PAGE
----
It's Work, Go to Work and Don't Play Around
By Janeane Davis on January 17, 2013
Here is a new idea for some people: go to work and actually work. There are quite a few people all across America who go to work each day and look for ways to skip as much work as possible. Think about how little sense that makes. It really does not make sense to go to work and complain to that you have to well, work. But, each day millions of people are going to work and spending countless house figuring out ways to look busy while not actually being busy doing the work their employers are paying them to do. Just as you should be grateful for work and should show up like a grown up at work, when you go to work, you should actually work.
What if instead of complaining about having to work at work people got a new attitude and went to work and actually worked. Here are some benefits of actually working at work:
- increased productivity
- positive attention for supervisor and co-workers
- improved reputation
- increased chance of promotion and advancement
- less stress and aggravation from trying to hide idle behavior
- increased comfort resulting from doing the right thing in the right place
- good application of the Golden Rule
One thing that employees must realize is that work, is just that work. There is an explicit agreement between employers and employees. Employees come to work to do a set of assigned tasks and responsibilities. In exchange for the performance of those tasks and responsibilities the employer provide employees with monetary compensation. If you are one of the employees only working some of the time and only doing some of your tasks and responsibilities, would you like it if your employer only paid you part of your expected salary? In most cases, the answer is a resounding no!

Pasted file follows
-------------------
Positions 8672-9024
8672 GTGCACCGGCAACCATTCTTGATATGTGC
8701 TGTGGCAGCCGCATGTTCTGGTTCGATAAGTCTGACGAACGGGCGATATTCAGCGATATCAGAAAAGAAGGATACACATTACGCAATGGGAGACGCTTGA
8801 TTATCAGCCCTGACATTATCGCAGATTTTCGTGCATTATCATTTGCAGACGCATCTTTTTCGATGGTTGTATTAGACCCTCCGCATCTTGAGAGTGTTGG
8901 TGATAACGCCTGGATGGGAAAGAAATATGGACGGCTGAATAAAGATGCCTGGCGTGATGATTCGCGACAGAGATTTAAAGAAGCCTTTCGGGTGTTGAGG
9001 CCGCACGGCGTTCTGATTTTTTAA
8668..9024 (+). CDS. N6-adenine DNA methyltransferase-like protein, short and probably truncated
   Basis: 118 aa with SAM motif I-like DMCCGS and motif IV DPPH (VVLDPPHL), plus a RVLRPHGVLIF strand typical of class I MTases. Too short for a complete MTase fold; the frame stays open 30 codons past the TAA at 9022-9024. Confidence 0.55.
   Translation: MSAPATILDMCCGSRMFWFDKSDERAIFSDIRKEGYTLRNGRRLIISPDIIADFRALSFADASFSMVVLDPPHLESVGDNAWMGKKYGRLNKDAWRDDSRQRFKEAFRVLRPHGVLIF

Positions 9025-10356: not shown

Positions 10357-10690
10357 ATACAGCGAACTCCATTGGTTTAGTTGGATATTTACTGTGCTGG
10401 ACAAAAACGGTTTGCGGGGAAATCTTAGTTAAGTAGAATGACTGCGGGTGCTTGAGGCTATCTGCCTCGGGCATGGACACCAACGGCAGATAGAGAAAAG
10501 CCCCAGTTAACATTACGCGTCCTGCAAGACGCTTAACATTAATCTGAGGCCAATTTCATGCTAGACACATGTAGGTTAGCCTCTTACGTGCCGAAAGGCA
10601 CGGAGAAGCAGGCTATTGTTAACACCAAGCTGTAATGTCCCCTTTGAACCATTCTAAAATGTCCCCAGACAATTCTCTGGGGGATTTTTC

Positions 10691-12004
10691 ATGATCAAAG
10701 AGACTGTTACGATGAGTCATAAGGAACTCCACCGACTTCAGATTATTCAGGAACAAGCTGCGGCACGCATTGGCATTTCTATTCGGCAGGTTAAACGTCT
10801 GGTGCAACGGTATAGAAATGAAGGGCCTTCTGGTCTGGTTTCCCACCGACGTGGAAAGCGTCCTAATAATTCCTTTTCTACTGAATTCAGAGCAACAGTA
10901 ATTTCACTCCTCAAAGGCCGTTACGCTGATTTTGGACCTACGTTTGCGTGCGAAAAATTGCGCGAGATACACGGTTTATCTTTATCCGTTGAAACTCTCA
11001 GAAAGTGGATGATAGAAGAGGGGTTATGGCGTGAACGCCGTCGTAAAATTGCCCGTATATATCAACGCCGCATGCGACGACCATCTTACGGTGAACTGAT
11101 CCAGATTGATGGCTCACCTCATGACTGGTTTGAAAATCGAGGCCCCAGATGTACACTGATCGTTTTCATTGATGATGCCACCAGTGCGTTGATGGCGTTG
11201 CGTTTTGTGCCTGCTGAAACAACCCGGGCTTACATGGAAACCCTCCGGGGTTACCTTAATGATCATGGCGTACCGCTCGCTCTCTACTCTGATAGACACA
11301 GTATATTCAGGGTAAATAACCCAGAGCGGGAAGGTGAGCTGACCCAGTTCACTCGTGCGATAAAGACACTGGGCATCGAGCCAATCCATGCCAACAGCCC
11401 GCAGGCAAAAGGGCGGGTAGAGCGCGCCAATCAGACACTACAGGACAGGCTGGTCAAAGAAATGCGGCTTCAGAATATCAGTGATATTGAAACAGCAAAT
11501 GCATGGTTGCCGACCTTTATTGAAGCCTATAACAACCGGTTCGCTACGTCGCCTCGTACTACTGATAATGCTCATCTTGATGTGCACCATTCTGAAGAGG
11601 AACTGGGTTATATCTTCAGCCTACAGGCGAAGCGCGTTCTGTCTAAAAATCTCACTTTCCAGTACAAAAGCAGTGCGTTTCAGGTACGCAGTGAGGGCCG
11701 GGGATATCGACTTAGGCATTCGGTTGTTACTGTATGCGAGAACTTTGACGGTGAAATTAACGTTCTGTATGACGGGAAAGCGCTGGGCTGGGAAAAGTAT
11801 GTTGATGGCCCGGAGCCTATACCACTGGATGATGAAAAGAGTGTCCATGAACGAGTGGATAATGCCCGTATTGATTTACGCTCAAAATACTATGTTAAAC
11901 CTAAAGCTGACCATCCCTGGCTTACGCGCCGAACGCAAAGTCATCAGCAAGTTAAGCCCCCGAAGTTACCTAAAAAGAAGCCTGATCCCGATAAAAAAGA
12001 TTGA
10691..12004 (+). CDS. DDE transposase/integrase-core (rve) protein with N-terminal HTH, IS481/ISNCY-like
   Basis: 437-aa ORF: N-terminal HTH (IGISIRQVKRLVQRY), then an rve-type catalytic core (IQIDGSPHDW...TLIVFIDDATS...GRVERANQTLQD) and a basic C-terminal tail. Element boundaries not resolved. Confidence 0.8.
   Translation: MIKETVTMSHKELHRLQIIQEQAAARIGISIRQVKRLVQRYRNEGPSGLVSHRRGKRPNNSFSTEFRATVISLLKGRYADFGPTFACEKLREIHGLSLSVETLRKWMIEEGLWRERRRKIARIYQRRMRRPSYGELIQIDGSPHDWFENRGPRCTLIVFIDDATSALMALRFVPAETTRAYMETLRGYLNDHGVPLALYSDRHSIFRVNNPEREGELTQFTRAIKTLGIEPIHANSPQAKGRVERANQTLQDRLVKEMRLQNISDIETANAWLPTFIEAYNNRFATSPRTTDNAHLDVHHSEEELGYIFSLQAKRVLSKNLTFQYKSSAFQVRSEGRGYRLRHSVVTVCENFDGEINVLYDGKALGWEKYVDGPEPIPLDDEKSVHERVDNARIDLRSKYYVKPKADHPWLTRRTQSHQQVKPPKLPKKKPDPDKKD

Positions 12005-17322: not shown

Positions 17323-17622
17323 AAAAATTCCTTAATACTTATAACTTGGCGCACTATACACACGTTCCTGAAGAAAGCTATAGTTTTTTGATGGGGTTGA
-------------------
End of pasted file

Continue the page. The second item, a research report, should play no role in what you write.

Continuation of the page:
Once upon a time, people were taught, "Your word is your bond." It meant if you said something, it was true, it could be trusted and people would bank on it. When you accept an offer of employment, you give your word. That word should be a bond, an agreement, a promise that your employer can trust and depend upon.
Starting today, go to work and actually work, do what you agreed to do, keep your word. So, the question for you this wonderful day is, are you actually working at work?
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